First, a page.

Thursday, October 25, 2012

Survey of rural bankers shows improvement of economic conditions in Central U.S.

After a three-month slump, the Rural Mainstreet Index of economic conditions in a 10-state area of the Central U.S. has started to climb. The Creighton University survey of bank CEOs shows the rural economy above "growth neutral" for the first time since June. Lead researchers Ernie Goss said in the October RMI report, "Negative impacts of the drought are being more than offset by the positives of very strong incomes from high agriculture and energy prices."

Farmland prices and farm equipment sales surged, notes Julie Harker of Brownfield Agriculture News. Only18 percent of bankers surveyed said 2012 crop yields in their areas are higher than last year, and almost 70 percent are lower. Hiring increased, but "at a snail's pace," Goss reported, and the index of bankers' confidence in the economy for the next six months was up from September, but is still weak.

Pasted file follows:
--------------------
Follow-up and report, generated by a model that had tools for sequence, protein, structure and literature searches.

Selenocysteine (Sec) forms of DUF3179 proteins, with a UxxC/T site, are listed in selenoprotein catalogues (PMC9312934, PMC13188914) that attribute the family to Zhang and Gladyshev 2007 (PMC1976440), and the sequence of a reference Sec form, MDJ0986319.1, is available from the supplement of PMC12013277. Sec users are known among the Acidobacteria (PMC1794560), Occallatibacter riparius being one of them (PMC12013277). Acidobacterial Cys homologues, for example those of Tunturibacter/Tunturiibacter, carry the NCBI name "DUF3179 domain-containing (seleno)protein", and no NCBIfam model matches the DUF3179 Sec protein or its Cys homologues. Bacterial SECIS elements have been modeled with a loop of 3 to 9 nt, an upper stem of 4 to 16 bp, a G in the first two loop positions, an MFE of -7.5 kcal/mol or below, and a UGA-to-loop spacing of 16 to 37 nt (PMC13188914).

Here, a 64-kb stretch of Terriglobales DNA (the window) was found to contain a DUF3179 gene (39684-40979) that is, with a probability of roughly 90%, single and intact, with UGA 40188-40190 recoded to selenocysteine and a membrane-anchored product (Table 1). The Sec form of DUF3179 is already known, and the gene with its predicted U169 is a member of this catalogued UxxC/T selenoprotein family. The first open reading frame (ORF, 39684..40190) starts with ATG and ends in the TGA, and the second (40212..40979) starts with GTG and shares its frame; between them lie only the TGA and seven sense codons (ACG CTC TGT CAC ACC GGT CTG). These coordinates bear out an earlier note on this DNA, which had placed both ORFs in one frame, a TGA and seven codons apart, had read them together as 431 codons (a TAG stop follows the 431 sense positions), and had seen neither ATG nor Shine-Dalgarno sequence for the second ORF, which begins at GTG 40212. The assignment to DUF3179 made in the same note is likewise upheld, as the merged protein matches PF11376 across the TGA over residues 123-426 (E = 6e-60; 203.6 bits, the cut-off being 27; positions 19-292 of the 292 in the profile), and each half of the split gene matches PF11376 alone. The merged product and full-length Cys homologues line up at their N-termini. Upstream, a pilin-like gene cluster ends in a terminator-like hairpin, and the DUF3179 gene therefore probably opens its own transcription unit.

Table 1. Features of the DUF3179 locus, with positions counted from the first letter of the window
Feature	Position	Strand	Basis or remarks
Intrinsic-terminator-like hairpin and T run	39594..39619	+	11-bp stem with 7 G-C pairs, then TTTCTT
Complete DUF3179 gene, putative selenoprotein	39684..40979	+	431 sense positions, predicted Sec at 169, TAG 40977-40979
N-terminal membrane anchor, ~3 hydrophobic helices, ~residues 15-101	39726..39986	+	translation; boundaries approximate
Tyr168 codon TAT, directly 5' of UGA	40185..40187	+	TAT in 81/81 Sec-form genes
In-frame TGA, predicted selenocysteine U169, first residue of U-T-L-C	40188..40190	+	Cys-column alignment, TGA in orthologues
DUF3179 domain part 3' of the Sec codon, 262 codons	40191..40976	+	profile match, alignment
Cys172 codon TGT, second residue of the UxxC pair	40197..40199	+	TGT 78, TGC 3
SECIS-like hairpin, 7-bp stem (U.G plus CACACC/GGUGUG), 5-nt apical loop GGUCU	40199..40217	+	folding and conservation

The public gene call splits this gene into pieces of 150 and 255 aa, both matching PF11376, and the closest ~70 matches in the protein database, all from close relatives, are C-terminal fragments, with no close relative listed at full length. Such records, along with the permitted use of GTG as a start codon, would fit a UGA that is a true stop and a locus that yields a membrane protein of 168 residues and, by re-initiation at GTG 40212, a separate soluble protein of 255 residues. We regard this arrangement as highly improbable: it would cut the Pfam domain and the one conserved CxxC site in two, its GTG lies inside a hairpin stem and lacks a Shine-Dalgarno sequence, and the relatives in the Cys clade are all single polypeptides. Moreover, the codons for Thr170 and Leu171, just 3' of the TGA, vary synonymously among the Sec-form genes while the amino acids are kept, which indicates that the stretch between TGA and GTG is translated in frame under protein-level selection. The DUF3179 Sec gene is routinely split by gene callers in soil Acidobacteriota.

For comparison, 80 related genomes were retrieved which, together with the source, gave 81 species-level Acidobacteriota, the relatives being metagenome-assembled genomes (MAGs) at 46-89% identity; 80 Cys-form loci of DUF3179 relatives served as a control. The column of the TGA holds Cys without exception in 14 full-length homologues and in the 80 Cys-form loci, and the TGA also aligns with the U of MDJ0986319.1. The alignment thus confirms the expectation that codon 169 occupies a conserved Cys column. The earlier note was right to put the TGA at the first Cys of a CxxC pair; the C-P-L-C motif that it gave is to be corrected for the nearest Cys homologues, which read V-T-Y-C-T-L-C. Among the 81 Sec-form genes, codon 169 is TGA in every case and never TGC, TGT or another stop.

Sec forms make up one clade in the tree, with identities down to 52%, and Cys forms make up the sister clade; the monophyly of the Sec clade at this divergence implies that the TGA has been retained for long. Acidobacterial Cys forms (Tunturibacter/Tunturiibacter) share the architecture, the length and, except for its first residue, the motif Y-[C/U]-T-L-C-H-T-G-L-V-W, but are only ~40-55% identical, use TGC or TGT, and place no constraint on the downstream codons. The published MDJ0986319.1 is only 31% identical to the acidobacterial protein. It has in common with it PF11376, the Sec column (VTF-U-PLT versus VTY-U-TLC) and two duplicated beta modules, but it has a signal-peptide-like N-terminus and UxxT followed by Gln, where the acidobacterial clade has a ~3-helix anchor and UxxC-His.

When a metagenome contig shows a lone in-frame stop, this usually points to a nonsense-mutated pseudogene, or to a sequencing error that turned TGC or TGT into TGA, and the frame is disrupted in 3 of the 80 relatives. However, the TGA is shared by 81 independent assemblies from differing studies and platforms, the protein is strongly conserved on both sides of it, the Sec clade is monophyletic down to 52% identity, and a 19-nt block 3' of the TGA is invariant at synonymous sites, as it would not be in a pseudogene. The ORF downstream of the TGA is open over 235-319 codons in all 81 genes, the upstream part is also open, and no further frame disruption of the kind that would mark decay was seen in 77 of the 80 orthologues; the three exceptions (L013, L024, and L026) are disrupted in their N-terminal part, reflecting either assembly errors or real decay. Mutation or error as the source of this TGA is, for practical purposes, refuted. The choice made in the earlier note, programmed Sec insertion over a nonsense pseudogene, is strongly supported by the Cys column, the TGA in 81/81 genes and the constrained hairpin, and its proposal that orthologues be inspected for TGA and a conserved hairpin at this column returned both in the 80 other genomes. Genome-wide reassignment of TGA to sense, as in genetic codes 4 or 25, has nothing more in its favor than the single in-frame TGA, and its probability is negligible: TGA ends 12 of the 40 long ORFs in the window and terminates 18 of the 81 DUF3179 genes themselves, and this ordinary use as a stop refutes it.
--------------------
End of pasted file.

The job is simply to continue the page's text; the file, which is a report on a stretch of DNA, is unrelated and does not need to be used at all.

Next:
The RMI ranges between 0 and 100, with 50 being growth neutral. October's survey places the index at 56.6, notes the Hamburg Reporter, in Iowa's southwestern corner. The farmland-price index reached 71.7, its highest mark since March. October is the 33rd consecutive month that it has risen. "Loan demand unexpectedly plummeted for the month," the Reporter notes. It dropped to 44.2 from September's mark of 70.2. Goss wrote in the report that the drought "failed to increase the demand for loans from farming and nonfarming organizations in the region." The Reporter lists the RMI for individual states: Colorado, Illinois, Iowa, Kansas, Minnesota, Missouri, Nebraska, the Dakotas and Wyoming.

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